I don’t drink alcohol. Ever. I realize I’m in the minority here, especially in a college town. But when you’re 15 years old and your father is killed by a drunken driver in the middle of a Tuesday afternoon in August on his way home from work, you never really develop the attraction to drinking that your peers seem to have.
The woman who killed my father graduated high school with him. They knew each other. Imagine killing a 37-year-old man with three school-age children, a man you actually know, and having to live with that for the rest of your life. Seriously — imagine it. I’ll wait.
Oh, yes, she was punished. This being her third drunken-driving conviction, our legal system really came down hard on her. She got — wait for it — 30 days in jail on work release. She never even lost a day of work. My dad lost his life. So much for Norman O’Melia’s suggestion (CDT, Friday) to “punish the (State Patty’s Day) lawbreakers.” Some things just can’t be undone.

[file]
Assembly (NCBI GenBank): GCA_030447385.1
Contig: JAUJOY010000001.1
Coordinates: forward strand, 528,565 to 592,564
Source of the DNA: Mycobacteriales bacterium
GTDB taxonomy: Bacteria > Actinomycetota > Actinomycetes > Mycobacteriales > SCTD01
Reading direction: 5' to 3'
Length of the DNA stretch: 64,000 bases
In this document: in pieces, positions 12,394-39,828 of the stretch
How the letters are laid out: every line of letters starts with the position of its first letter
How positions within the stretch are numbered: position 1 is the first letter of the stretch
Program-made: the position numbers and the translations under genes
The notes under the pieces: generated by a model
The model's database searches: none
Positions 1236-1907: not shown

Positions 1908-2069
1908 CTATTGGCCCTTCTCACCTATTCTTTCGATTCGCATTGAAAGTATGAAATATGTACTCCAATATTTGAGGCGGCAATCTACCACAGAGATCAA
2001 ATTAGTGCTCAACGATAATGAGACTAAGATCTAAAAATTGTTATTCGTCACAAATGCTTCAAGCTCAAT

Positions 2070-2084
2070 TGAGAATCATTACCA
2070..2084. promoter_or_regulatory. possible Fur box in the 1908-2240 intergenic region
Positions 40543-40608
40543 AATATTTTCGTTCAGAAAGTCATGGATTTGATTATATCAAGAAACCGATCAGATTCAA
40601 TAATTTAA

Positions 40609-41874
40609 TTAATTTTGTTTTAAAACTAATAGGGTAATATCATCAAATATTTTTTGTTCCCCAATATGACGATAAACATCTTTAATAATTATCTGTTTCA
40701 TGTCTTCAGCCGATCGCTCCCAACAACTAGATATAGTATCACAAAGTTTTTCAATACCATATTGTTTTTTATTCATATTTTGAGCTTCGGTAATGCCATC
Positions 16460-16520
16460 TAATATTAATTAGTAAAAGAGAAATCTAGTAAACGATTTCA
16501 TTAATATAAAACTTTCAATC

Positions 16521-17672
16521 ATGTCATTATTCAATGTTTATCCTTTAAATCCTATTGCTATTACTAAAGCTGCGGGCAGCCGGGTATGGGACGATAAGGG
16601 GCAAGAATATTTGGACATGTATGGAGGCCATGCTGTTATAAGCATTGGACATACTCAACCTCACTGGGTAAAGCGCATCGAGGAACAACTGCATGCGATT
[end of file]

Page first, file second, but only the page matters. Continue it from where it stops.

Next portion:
Granted, that was back in 1975, when drunk-en driving was considered more of a lapse in judgment than an actual crime, regardless of the outcome.
I have nothing against drinking in moderation, and I’m certainly not advocating prohibition on any level. The State Patty’s Day revelers still had the right to drink as much as the law allows. But any event that exists for no other reason than to promote excessive public drinking — and all the collateral damage it involves — should allow an intelligent community the freedom to protect itself. And that’s our right.
Holly Snyder, State College